Obtaining snapshots of genetic variation using hemiclonal analysis

Abbott, Jessica K and Morrow, Edward H (2011) Obtaining snapshots of genetic variation using hemiclonal analysis. Trends in Ecology & Evolution, 26 (7). pp. 359-368. ISSN 0169-5347

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Abstract

Hemiclones are naturally occurring or artificially produced individuals that share a single specific genetic haplotype. Natural hemiclones are produced via hybridization between two closely related species, whereas hemiclonal analysis in Drosophila is carried out in the laboratory via crosses with artificially created ‘clone-generator’ females with a specific genetic make-up. Hemiclonal analysis in Drosophila has been applied successfully to date to obtain measures of standing genetic variation for numerous traits. Here, we review the current hemiclonal literature and suggest future directions for hemiclonal research, including its application in molecular and genomic studies, and the adaptation of natural hemiclonal systems to carry out Drosophila-type studies of standing genetic variation.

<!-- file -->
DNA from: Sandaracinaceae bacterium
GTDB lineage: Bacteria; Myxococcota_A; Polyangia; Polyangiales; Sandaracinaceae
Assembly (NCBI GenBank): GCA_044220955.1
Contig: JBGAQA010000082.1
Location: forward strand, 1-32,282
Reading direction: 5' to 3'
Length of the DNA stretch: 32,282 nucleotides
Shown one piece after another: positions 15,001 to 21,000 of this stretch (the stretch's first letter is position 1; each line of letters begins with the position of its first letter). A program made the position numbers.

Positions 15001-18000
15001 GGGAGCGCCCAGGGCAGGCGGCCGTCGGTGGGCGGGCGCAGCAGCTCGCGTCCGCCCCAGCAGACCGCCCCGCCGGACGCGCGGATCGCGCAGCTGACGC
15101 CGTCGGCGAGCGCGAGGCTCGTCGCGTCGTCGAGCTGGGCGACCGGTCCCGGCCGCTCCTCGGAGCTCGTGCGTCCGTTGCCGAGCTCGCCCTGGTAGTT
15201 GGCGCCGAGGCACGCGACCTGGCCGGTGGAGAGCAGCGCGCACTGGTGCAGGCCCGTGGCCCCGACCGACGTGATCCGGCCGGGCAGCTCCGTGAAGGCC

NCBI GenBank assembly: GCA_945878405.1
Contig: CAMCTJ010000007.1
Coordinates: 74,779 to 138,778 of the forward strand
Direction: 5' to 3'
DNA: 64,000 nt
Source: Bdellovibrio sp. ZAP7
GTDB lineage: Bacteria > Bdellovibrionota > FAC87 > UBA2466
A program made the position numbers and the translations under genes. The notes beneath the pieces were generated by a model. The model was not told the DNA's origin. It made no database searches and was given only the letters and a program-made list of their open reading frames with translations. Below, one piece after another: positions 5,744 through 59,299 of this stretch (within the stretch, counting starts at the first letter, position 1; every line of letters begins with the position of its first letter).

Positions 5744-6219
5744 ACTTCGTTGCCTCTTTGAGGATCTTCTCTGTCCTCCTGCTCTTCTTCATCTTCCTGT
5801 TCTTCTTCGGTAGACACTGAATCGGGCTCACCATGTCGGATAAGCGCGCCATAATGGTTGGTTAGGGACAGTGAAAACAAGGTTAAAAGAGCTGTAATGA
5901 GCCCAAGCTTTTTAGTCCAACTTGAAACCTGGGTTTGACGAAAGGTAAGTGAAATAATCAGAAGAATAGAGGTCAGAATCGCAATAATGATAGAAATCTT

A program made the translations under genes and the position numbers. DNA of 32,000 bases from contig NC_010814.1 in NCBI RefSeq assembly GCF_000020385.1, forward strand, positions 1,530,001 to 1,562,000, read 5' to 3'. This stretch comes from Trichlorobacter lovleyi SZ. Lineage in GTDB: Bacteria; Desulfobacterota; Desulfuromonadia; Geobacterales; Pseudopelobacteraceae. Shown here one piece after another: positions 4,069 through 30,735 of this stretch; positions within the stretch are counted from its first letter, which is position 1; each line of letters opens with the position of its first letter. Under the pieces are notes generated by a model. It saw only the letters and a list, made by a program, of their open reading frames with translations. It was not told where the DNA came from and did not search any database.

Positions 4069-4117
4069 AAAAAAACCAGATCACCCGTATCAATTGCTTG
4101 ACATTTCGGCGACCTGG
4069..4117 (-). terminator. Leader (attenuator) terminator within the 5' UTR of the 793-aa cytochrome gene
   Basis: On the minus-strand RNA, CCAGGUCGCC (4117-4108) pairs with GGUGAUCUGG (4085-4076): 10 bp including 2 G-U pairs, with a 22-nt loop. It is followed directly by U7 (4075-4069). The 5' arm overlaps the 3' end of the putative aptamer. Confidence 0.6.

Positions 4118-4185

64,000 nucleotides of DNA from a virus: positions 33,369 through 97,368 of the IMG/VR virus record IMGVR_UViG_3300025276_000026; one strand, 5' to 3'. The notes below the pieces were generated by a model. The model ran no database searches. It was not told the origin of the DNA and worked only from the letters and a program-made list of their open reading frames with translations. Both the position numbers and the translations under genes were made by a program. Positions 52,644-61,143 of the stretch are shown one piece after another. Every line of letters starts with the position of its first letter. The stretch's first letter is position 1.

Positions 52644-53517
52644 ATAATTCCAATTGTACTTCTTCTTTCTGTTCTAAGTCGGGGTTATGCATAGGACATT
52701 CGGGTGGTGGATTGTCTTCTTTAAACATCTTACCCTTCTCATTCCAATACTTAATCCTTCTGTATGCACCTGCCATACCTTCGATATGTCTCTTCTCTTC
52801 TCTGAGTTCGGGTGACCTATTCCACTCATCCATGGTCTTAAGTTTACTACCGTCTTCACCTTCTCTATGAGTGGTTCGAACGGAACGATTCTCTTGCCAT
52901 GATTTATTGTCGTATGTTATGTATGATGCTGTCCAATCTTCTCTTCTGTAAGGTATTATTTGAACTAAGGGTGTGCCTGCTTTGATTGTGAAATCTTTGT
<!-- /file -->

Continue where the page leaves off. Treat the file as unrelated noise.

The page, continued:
Item Type: Article
Schools and Departments: School of Life Sciences > Evolution, Behaviour and Environment
Subjects: Q Science > QH Natural history > QH0301 Biology > QH0359 Evolution
Depositing User: Ted Morrow
Date Deposited: 02 Aug 2012 11:07
Last Modified: 06 Feb 2013 14:43
URI: http://sro.sussex.ac.uk/id/eprint/40281
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